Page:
4 Ways to Live with More Wisdom
Though valuable and immensely practical, we rarely see wisdom covered in any online publications (although you can find “34 Computer Accessories You Didn’t Know You Needed”). This is not altogether surprising. The topic over which philosophers slaved and to which a whole section of the Bible is devoted isn’t very common in 21st-century conversation. Perhaps because it is so difficult to pinpoint.
However, as Elaine Phillips, Harold John Ockenga Professor of Biblical and Theological Studies, said in her Wisdom Lecture hosted by the Center for Faith and Inquiry last Thursday: “We get to choose on a moment-to-moment basis, whether we’re going to do something that will encourage our flourishing long term or whether we’re just going to fizzle . . .”
Drawing from her words, here are four ways we can go about living wisely and, by extension, encourage others to do the same:
- Put down the phone for a moment and enjoy the silence.
With a flick of a thumb, you can find yourself wandering through endless social media feeds. Why take up an arduous task like pursuing wisdom that requires pausing and self-reflection when other things come so much more easily? But easy entertainment is not just an issue for young adults; Phillips pointed out that the tendency to be distracted from valuable pursuits is an inter-generational problem. So, there is value for us, in every stage of life, to eliminate distractions to make time for the things (like reflection) that are sure to make us wiser people.
- Create and preserve sacred spaces.
Few places are considered sacred in modern America. Churches are even gutted and made into condos. But how are we to properly fear the Lord, the beginning of wisdom according to Proverbs 9:10, when we do not adequately set apart certain spaces for worship and prayer? “I’m not saying Chapel can never be used for something else,” says Phillips. “But let’s create sacred spaces.” We can even create spaces for worship and reflection in a small apartment or on a familiar, wooded trail.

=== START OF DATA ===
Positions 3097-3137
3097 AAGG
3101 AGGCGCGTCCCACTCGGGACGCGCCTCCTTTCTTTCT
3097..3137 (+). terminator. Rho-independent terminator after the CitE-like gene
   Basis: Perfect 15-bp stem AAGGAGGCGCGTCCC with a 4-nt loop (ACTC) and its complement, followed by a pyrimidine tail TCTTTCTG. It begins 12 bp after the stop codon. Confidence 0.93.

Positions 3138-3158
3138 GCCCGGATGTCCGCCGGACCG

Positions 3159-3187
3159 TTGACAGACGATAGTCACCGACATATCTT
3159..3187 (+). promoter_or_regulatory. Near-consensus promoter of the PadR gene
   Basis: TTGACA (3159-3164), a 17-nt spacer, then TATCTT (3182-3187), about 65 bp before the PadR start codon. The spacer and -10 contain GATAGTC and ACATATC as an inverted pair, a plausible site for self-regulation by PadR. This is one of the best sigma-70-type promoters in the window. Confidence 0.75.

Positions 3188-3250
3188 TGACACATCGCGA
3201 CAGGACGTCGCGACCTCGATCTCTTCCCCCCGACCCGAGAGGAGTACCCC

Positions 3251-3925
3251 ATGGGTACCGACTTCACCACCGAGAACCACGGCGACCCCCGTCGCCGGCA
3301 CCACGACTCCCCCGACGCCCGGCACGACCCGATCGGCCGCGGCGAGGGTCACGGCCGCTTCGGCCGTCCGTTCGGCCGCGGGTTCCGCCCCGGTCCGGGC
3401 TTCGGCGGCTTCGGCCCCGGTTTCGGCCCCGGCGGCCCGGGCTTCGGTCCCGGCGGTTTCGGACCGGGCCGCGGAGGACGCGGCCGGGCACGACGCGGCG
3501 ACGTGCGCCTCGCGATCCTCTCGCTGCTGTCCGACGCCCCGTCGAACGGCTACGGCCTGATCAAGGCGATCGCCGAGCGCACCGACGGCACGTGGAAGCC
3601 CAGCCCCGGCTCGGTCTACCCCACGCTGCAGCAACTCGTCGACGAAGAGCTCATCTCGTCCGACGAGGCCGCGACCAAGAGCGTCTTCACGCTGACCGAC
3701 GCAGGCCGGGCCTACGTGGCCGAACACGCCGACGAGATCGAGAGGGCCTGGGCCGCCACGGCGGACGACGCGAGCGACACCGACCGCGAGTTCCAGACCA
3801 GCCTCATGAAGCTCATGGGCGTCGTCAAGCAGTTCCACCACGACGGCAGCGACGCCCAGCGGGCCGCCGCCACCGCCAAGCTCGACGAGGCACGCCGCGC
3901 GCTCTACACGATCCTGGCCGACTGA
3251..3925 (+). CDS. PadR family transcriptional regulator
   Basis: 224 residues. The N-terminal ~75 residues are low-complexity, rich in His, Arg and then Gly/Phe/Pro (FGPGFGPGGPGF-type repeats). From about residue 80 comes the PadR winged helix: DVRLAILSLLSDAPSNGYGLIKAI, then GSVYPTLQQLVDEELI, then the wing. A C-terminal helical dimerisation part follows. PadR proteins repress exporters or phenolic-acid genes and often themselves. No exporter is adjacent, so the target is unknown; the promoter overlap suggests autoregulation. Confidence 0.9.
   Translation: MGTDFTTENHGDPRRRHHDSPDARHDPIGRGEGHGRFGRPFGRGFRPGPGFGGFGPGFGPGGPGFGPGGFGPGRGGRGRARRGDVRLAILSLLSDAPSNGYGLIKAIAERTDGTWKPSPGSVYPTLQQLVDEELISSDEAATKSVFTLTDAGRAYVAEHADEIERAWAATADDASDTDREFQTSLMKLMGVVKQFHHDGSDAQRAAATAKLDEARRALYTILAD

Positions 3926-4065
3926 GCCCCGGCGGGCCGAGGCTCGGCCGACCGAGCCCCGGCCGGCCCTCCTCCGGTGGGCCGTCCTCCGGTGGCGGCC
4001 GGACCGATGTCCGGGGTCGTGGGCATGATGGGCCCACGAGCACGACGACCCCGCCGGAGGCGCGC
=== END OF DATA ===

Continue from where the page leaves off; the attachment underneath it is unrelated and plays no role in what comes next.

- Worship, study Scripture and pray with others.
Practicing communal prayer and worship can be powerfully unifying, especially when acknowledging the shared hope that Christians have in Christ. “We can do these things together and get past this insularity that captivates some of us,” Phillips said, “because we have a hope that cannot perish. But we’ve got to keep reminding ourselves of it. What better way than to worship together?”
- Sing truth.
Perhaps there is a reason that Psalms, a collection of songs, is the longest book in the Bible. Phillips notes that “sung truth is oftentimes much more penetrating into our hearts than simply spoken truth.” By incorporating more Scripture through song we can internalize more of its wisdom, and together with our community, fashion hearts and minds more focused on God.
This lecture was a part of a series by the Center for Faith and Inquiry on “Seeking Wisdom in an Information Age,” which is also the theme for this year’s Symposium. Upcoming lectures in the series include Kristen Cooper, assistant professor of economics and business, on March 26 and Eric Metaxas, bestselling author, speaker and radio host, on April 16.